Mike Roer

RESTAURANTS.  In a 5-3-2020 the Hartford Courant predicts Restaurants may space tables further apart and barbershops could have fewer chairs. The state’s tourism industry could offer visitors fewer choices this summer and casinos and large venues probably won’t return quickly to business as usual. The business landscape will likely be dramatically altered once Gov. Ned Lamont and his advisers begin resuscitating Connecticut’s economy...."With about one-fourth of the state’s workforce laid off or furloughed, consumer spending will not likely return quickly to levels seen before the pandemic, economists say. Unlike other recessions caused by economic or financial crises, this downturn was the result of a rare public health crisis that will not end soon, possibly reshaping long-term spending habits.“You can open Connecticut for business, but will consumers spend and will businesses invest?” economist Peter Gioia said. “People are reassessing their lifestyles. We’re not going see consumption for consumption’s sake." 
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According to McKinnsey & Company, the pandemic has changed consumer behaviors, some permanently. Many customers have also tried new omnichannel models: buy online, pick up in store (BOPIS) grew 28 percent year-over-year in February compared with 18 percent in January, and grocery delivery is up by 57 percent. Many of these new engagement models are here to stay. Consumers report high intention to continue using models such as BOPIS (56 percent) and grocery delivery (45 percent) after the pandemic.

To remain relevant in this changed environment, retailers should refine their customer experience (CX), with specific goals across five actions: double down on digital, inject innovation into omnichannel, transform store operations and win on “SafeX,” reimagine the physical network, and embrace an agile operating model.  See full article at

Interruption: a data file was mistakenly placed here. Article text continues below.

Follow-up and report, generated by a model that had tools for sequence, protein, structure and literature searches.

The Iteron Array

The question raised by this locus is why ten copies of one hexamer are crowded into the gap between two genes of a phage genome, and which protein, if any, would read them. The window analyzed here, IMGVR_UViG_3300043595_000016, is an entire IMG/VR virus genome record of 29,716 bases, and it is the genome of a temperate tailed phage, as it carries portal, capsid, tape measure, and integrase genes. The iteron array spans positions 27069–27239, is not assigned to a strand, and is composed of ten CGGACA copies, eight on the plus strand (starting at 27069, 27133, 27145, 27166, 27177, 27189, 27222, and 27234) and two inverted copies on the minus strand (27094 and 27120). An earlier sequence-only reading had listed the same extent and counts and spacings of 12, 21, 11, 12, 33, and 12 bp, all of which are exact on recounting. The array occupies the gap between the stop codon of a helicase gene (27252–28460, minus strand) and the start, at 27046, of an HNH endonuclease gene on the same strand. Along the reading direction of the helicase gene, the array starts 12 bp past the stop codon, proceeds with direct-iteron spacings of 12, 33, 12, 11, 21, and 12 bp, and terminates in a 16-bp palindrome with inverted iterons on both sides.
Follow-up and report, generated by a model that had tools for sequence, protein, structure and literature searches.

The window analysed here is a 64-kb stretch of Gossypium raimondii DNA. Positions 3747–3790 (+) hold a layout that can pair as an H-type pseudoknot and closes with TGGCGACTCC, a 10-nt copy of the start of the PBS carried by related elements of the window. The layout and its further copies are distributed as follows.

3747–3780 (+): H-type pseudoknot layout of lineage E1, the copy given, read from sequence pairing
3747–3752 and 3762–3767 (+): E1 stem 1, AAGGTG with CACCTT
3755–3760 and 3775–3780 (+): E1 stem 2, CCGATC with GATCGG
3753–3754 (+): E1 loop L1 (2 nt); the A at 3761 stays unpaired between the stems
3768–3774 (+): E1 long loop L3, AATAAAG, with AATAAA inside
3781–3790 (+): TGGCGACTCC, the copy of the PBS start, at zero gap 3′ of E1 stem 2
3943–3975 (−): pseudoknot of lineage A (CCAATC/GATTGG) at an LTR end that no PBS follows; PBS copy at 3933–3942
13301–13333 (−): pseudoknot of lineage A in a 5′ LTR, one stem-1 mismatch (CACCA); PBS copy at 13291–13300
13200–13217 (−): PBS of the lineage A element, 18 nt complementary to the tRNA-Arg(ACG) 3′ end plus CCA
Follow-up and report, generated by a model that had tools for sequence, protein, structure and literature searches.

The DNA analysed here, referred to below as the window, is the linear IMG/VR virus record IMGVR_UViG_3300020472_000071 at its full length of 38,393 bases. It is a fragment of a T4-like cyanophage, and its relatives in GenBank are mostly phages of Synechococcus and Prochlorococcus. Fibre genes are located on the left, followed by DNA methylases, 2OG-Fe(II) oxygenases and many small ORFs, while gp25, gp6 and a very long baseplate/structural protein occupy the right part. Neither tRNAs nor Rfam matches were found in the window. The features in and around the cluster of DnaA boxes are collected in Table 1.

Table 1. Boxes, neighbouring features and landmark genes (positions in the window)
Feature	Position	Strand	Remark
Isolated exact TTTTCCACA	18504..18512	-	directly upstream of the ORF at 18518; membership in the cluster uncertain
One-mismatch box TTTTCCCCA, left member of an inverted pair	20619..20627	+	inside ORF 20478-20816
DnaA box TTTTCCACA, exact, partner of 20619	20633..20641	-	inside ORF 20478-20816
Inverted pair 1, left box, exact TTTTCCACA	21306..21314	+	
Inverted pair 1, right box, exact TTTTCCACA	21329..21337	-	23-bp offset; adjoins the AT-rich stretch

https://www.mckinsey.com/industries/retail/our-insights/adapting-to-the-next-normal-in-retail-the-customer-experience-imperative?cid=other-eml-alt-mip-mck&hlkid=a74e1a6ae7b84f5eab3067afae65f486&hctky=3027237&hdpid=0527be20-6a41-4af1-8aef-ea79c56f7061

SHARED ECONOMY BUSINESSES.  The CT Post offers some predictions in this 5-2-2020 article.

THEATERS and CONCERT VENUES.  E
mpty seats and temperature checks, and masks may be standard.  See article in Hartford Courant  4-30-2020.

CHURCHES.  Worshipers at one of Seoul’s largest Catholic churches must refrain from singing hymns or saying “amen” for fear of spreading saliva. Priests sanitize their hands during communion. Holy water has been removed from the chapel.  South Korea even has a name for the new practices: “everyday life quarantine.” The authorities recently released a 68-page guide, offering advice on situations like going to the movies (“refrain from shouting”) and attending funerals (“bow your head instead of hugging”).  NY Times  5-2-2020 
 
FUNERAL HOMES.  Since social-distancing executive order forbidding gatherings of more than 10 people, funerals have been restricted to immediate family members of the deceased. “For family members who desire to have more people for a viewing and celebrate the life of a loved one, we are having outside viewing in which the casket is placed under a tent and we have outside drive-by viewings,” said Howard K. Hill of HKH Funeral Services.  To compensate, many funeral homes now live-stream memorial services via Zoom or other platforms for remote mourners. NewHavenBiz 4-30-2020

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